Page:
You may remember Matt Richardson, the guy who rode up Mont Ventoux and the Stelvio on his Raleigh Chopper and also set the Chopper Hour record. Last year he tackled Alpe d’Huez and then switched bikes to ride it again with his son, Felix. The two of them then did the Col de la Croix de Fer for good measure.
This year, Felix, now 11, asked if he could ride up some “really big mountains”.
Here’s Matt’s account:
I checked a few cycling events that Felix might be able to do in the Alps in the summer of 2019 but the minimum age for the vast majority of these is 18. They are not set up to deal with 11 year-old primary school children.
We planned the trip ourselves, booked accommodation in the heart of the French Alps and drove down to tackle some "really big mountains".
Having arrived at our accommodation just outside Saint Michel de Maurienne on Sunday night, we spent Monday acclimatising with a short ride into the town for lunch to spin our legs. Then, on the morning of Tuesday 13 August, we rode right up what is generally considered to be one of the hardest cycling climbs in the world, the combined Col du Telegraphe and Col du Galibier.
The former is a pass into a valley containing the town of Valloire (the finish of Stage 18 of this year's Tour de France) and provides access directly up to the latter, one of the highest mountain passes in the Alps.
It's a 35km ride to the top with a height gain of just under 2,000m up to an altitude of 2,642m. The road from Valloire has an average gradient of 6.9%.
Felix attacked the lower slopes of the Telegraphe with his usual gusto and I had to keep telling him to "hold a bit back" because I was worried he wouldn't make it.
His ride time from Saint Michel de Maurienne to the top of Col du Galibier was just over four hours and I knew he was tired as he barely had enough left for a sprint at the finish.
Enthusiasm undimmed, the next day we tackled Col de la Madeleine from La Chambre (altitude 1,993m, distance 19.3km, height gain 1,522m and average gradient 8%).
It was incredibly steep and hot during the early part of the climb and we were tired from the previous day. There were long sections with a gradient of over 10%.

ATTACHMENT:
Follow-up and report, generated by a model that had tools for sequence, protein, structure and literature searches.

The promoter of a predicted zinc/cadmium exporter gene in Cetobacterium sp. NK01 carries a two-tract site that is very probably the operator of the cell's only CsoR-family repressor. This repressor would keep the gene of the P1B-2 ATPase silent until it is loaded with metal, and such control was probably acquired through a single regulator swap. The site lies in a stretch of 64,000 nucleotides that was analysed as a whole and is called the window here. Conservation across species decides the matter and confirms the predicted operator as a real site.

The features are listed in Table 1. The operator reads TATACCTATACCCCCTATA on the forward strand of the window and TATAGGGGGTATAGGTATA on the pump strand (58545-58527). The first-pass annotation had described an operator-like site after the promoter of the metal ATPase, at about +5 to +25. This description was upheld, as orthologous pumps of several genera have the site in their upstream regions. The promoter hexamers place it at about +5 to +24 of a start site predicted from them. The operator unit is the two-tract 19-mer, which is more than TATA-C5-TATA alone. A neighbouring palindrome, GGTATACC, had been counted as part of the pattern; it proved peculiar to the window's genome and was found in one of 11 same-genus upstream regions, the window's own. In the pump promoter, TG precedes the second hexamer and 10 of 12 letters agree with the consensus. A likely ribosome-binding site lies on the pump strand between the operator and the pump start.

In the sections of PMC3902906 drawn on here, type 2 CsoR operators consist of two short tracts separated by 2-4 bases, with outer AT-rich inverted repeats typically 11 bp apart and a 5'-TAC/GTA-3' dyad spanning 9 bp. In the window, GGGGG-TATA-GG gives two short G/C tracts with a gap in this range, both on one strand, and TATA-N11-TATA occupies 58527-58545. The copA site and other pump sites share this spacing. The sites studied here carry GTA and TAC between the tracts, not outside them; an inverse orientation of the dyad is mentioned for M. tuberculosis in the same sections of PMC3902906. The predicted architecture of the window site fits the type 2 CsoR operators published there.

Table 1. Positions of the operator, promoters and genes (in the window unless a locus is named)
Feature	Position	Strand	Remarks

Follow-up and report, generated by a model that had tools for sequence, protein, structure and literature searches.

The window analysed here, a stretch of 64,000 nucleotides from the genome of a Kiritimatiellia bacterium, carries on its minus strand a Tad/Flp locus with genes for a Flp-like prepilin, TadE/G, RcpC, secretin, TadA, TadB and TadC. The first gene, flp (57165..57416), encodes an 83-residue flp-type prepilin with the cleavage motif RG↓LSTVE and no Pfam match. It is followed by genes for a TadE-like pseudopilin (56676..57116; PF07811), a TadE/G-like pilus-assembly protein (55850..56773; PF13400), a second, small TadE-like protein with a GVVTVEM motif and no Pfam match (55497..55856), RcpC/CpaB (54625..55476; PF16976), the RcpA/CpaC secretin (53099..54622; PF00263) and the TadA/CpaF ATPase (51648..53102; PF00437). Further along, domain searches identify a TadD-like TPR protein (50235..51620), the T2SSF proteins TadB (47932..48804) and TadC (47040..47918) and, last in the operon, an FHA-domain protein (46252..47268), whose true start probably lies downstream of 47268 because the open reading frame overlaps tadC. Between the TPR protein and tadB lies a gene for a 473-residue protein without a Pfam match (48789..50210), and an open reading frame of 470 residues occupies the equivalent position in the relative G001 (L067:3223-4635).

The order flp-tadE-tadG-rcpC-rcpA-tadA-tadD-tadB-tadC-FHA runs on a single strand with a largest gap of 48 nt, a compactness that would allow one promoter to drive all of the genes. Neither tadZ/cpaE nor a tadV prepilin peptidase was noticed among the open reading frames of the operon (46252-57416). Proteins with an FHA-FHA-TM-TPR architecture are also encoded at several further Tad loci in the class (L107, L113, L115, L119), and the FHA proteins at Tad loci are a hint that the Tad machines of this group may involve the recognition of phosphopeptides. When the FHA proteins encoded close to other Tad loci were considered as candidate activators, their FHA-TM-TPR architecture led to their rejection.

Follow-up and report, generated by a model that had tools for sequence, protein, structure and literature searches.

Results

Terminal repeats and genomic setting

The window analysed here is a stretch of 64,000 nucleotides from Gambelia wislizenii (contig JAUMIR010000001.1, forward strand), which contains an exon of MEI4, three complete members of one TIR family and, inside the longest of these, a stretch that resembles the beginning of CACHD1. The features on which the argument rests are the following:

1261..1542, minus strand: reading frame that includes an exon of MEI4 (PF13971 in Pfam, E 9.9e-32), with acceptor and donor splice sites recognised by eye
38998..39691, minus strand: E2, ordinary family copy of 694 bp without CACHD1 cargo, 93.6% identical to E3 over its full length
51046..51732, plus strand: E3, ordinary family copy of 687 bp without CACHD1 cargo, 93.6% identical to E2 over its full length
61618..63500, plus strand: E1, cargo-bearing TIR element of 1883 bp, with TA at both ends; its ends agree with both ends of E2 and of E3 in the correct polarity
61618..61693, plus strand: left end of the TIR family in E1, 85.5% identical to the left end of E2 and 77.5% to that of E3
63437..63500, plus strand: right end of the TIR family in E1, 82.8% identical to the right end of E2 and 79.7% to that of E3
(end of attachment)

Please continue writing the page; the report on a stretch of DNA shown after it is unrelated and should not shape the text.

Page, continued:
Despite this, I was amazed at how Felix wanted to keep going: and he kept going, climbing for three hours. It was relentless and so was he. The final, immense, sweeping switchbacks of the road above Saint Francois Longchamp were as a beautiful as they were arduous and Felix became uncharacteristically solemn as he knuckled down and got on with it.
I had mentioned to him on Monday that it might be possible to descend back to La Chambre and then ride up the other side of the valley to Col du Glandon on the same day. Felix was so exhausted at the top of Col de la Madeleine however; I told him that we would not do this.
He became distraught, insisting that we had to do it because we had to do all the climbs we said we would. I am convinced he would have done it if I'd let him but I managed to persuade him to save some energy for the next day.
In any case, the Col du Glandon is only a couple of hundred metres away from the road that leads up to the final part of the road to Col de la Croix de Fer which we had climbed the previous year. We hadn't been able to ride the little detour then because of snow drifts.
Sat in the cafe at the top of Col de la Madeleine we reached a compromise: we would drive to the point at which we would have taken the diversion to the top of Col du Glandon last year and ride the part we hadn't managed because of the snow. Felix's mood lightened and we enjoyed the drive to about 2km from the top of the col until I realised I was out of petrol.
I stopped the car and we climbed the last couple of kilometres from the La Chambre side, mostly 10%+ gradient, over the Col du Glandon and down to the road which leads up to Col de la Croix de Fer.
It was a beautiful evening and the mood was lightened considerably by the latter and the hilarity of driving down a mountain with the "refill fuel now" light flashing constantly. We made it to the nearest petrol station as the sun was setting but that’s another story.
On Thursday morning we drove to Bonneval sur Arc for the final part of the trip: the ride up Col de l'Iseran, the highest pass in the Alps, at 2,770m altitude.
Stage 19 of this year's Tour de France was stopped here due to hail storms and a landslide. Not today, however. The weather seemed perfect and the climb was by far the most spectacular we'd seen.
From the town, the route is 13.4km with an average gradient of 7.3%. The beginning of the climb was hot, with multiple hairpin bends furrowing up the face of the mountain and no tree shelter.
Felix seemed to have recovered well from Wednesday's efforts and kept a steady pace over the first part of the climb and into a long, uphill valley road despite the strong head wind and palpably thin air.
Clouds began to gather as we sweated our way up to the steeper slopes and it became very cold. We continued through a tunnel and past banks of snow tucked into the mountain sides, still in short sleeved jerseys, kept warm by the effort of climbing.
The final few kilometres were even colder but in crystalline sunshine. Spurred on by two motorcycles that passed him just before the final bend, Felix pushed out of the saddle and unleashed a fabulous sprint finish.
After some hot soup and chips in the cafe we put on our jackets and descended through the squalls of icy wind back through sunny lowlands to Bonneval sur Arc. Although the descent was cautious because of the buffeting wind, narrow road and uneven surface, we arrived at the car in a fraction of the time it had taken to climb the same distance.
The next morning, Felix was very keen to visit the Saint Michel de Maurienne bicycle shop. He picked out a white jersey listing all the climbs he'd completed. There was no need to ask. Rarely has anyone been more deserving.